One of the things that I love about my Android phone is the ability to customize wallpapers, themes, icons, you name it. Custom launchers are the other main apps Android users can use to help customize the phone to be what they want and need it to be. I have tried a few of them over the years with, and GoLauncher is the one I have used the most. In today’s post I cover a few of the other launchers out there. A couple quality apps not mentioned here were covered in a post back in December 2012.

Vire Launcher (Free)

VIre Launcher comes in free and pro versions, and it’s available for most Android devices out today. The pro version has some added features, but the free will probably suit most users. With Vire you can add 3-D effects to your phone. When you first launch the app, you are set up with a basic home screen with a neat looking clock widget and a set of the standard icons. As with any launcher customization is the key. Vire will allow you to create folders, resize widgets and manage your screens.

In addition to being able to add shortcuts to app and widgets on your screen, Vire has its own Vire applets which are the metal clock, clock, and picture frame. When you add a shortcut to an app, Vire will adjust the icon to fit the theme. This is pretty cool, giving your screens a uniform appearance. In the settings of the app you can enable reflections, HD shaders, full screen transitions, change the UI theme and in the free version they show the various features which would be unlocked when you upgrade. Overall, this launcher is pretty easy to use.

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FTL Launcher (Free)

FTL Launcher also comes in free and pro, and it too works with most Android devices and OS versions. The lite version has some of the configurable options pre-loaded and cannot be changed, which is reason enough to download the pro version. When you first launch the app, you are taken to the settings screen which has a ton of options in it. In it is the theme manager, background, number of desktop rows, endless looping, transition speeds, and more.

The option that caught my eye is that you can (in the pro version) use existing ADW, GoLauncher and LauncherPro Icon and Dock theme. This is very,very cool. I have used the GoLauncher for a while. You can mix and match the theme aspects. This launcher does have a lot of different options and really allows you to customize your phone.

Chameleon Launcher for Phones ($2.91)

The Chameleon Launcher was initially compatible with Android tablets, but they’ve broadened their appeal with a new version for Android phones. It should be noted that you cannot use one version on both tablets and phones, and Chameleon will not run with some of the older phones and Android OS. With Chameleon you can create multiple home screens as with any other browser, but the key aspect of this launcher is the widgets. They have some of the best looking widgets. You can create specialized widgets for your calendar, Facebook, music, weather, Twitter, and more.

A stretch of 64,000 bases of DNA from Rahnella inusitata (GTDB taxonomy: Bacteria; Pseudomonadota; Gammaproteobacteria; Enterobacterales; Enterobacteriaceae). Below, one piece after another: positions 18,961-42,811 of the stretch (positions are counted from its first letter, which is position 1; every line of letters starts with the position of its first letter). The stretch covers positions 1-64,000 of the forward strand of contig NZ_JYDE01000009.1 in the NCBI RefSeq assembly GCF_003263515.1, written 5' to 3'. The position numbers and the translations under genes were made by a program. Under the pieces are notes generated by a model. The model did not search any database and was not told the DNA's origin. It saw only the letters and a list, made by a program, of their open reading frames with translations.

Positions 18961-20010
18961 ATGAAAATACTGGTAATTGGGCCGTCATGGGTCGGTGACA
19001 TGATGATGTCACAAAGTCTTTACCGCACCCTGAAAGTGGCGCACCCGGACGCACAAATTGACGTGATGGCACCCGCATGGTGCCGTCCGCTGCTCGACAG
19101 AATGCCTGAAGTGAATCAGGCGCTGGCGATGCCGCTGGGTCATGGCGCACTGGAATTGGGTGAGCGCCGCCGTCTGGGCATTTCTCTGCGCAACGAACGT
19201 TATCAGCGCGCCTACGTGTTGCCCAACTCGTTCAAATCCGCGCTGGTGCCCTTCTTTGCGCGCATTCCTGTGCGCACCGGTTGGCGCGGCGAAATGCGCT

Another cool feature of this launcher is that you can set up within the app context rules based on time, Wi-Fi networks, even GPS location different home screens. I like this feature because when I come home each day I normally switch to my Wi-Fi and being able to get customized screen for when I am home is just cool. I have a larger screen phone so not sure how it would look on a smaller screen. They do have a calendar add on if interested. Unfortunately there is no free version to try out.

Nemus Launcher (Free)

I recently discovered Nemus, a decent  little launcher that will run on most Android phones and OS. It has the basic settings setup such as the home screen settings (page looping) wallpaper, grid size, dock number and more. With the app you can lock contents and editing capabilities, which is new to me. You can of course set the orientation and backup/ restore your settings, and hide apps with Nemus Launcher.

The developers behind Nemus Launcher also produced Regina 3D launcher, which has been out for some time. The launcher does not seem as fancy or glamorous as say the Chameleon launcher, but it most certainly gets  the job done. I like how you can adjust the grid size and in the dock, the apps/home button is always in the middle with the other dock icons sliding around it. With the apps listing area, there is a task killer feature. This is a nice free alternative launcher.

These are just a few of the launchers out there and I suspect there will be more as Android phones and OS change and develop. Which do you use?